- Exercise the authority given to it by Congress to lower to 50%, CDBG’s statutory requirement that 70% of the funds benefit households with income less than 80% of the area median income;
- Avoid specified percentages of CDBG-DR be used for housing, infrastructure, or mitigation efforts; and
- Shorten the usual CDBG public comment period regarding a draft disaster action plan from 30 days to seven days (last year’s CDBG-DR instructions allowed a 14-day public comment period).
- By the Numbers: (no change from 9/25)
- 213,062 Individual Assistance (IA) applications approved*
- $407,677,861 Individual & Household Program (IHP) approved*
- $276,665,092 Housing Assistance (HA) approved*
- $131,012,769 Other Needs Assistance (ONA) approved*
- $203,906,217 Public Assistance Grants (PA) obligated** all of which are for Emergency Work (Categories A-B)
*Assistance dollars approved but not necessarily disbursed.
**Funds made available to the State via electronic transfer following FEMA’s final review and approval of Public Assistance projects.
- Floodplain or historic property restoration activities. FEMA posted an initial public notice concerning activities that may affect historic properties, activities that are located in or affect wetland areas or the 100-year floodplain, and critical actions within the 500-year floodplain.
- Presidential Executive Orders 11988 and 11990 require that all federal actions in or affecting floodplains or wetlands be reviewed for opportunities to relocate, and be evaluated for social, economic, historical, environmental, legal, and safety considerations. Where there is no opportunity to relocate, FEMA is required to undertake a detailed review to determine measures that can be taken to minimize future damage. The notice sets out four criteria that must be met to determine that there are no alternatives to restoration in the floodplain. The public is invited to participate in the process of identifying alternatives and analyzing their impacts.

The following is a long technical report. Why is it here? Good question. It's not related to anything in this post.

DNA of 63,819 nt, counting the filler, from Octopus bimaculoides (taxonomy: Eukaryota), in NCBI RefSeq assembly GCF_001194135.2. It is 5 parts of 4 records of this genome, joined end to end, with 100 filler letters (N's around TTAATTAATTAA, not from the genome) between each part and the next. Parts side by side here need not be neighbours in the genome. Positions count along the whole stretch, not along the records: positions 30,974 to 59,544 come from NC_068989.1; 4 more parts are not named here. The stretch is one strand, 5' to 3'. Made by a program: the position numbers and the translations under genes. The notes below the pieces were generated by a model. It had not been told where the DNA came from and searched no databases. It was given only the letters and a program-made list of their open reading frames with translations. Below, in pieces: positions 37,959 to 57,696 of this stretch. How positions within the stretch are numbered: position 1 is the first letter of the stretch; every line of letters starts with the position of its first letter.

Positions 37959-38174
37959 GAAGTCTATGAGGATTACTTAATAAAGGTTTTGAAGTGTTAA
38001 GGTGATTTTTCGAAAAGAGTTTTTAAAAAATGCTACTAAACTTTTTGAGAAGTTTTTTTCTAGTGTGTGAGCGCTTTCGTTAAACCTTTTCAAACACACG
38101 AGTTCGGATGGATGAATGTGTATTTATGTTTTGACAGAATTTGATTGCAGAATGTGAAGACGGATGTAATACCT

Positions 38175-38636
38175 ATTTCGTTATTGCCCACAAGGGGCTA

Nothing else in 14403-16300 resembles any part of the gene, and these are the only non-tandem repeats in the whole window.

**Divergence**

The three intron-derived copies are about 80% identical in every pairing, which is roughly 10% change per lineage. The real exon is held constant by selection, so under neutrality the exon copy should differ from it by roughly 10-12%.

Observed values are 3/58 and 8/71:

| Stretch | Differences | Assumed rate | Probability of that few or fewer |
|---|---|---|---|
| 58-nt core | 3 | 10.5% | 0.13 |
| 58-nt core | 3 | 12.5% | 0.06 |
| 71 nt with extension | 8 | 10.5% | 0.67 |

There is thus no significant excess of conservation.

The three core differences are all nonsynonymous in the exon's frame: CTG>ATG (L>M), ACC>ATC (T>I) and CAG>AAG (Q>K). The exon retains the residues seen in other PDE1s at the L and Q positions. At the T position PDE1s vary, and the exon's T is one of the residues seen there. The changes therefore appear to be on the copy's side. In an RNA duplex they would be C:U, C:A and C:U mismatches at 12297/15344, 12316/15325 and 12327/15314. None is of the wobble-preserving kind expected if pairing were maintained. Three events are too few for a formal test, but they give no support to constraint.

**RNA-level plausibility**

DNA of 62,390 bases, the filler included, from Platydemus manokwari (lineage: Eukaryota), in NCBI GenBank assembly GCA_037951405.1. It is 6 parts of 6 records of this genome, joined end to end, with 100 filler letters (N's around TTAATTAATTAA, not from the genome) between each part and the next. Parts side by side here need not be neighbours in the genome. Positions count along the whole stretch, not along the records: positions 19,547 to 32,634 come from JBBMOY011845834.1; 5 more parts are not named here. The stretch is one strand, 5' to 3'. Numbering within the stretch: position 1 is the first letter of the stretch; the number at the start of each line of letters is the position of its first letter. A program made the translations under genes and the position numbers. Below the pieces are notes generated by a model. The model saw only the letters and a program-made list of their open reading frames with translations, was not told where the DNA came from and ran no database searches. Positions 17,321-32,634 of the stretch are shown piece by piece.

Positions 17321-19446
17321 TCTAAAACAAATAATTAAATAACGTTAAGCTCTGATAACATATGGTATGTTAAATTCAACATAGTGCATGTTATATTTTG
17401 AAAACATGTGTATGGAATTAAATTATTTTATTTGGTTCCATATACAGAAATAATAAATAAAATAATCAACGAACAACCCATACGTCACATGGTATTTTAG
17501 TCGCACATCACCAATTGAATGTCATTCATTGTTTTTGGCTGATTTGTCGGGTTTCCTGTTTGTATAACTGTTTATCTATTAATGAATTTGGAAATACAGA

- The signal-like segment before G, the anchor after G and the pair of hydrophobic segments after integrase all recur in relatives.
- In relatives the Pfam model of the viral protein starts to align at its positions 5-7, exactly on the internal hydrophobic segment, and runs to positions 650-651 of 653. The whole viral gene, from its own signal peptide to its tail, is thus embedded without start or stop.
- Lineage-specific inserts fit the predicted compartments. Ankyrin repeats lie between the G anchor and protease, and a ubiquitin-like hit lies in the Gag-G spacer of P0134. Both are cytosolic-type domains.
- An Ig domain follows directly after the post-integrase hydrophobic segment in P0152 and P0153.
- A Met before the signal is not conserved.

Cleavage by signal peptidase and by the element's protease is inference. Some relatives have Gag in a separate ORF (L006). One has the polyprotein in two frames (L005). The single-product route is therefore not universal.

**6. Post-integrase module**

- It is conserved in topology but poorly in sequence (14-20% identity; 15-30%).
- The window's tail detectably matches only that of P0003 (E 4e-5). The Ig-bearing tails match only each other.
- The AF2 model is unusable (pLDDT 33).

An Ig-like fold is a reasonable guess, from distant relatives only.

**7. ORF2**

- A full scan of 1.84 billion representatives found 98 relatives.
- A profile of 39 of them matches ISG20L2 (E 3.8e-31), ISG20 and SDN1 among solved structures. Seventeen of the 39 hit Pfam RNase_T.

- Housing Individual Assistance (IA) actions may adversely affect a floodplain or wetland, or may result in continuing vulnerability to floods. Actions may include repair, restoration, or construction of housing, purchase and placement of travel trailers or manufactured housing units, or repair of structures as minimum protective measures. This is the only public notice concerning these actions.
- The National Historic Preservation Act requires federal agencies to take into account the effects of their actions on historic properties. Actions or activities affecting buildings, structures, districts, or objects 50 years or older or that affect archeological sites or undisturbed ground will require further review to determine whether the property is eligible for listing on the National Register of Historic Places (Register). If the property is determined to be eligible for the Register, and FEMA’s actions will adversely affect it, FEMA will provide additional notices. For historic properties not adversely affected by FEMA’s actions, this will be the only notice.
- County Buyout. The Harris County Commissioners Court voted to spend $20 million to purchase more than 200 homes damaged during Hurricane Harvey. Commissioners hope these funds will speed up the recovery process.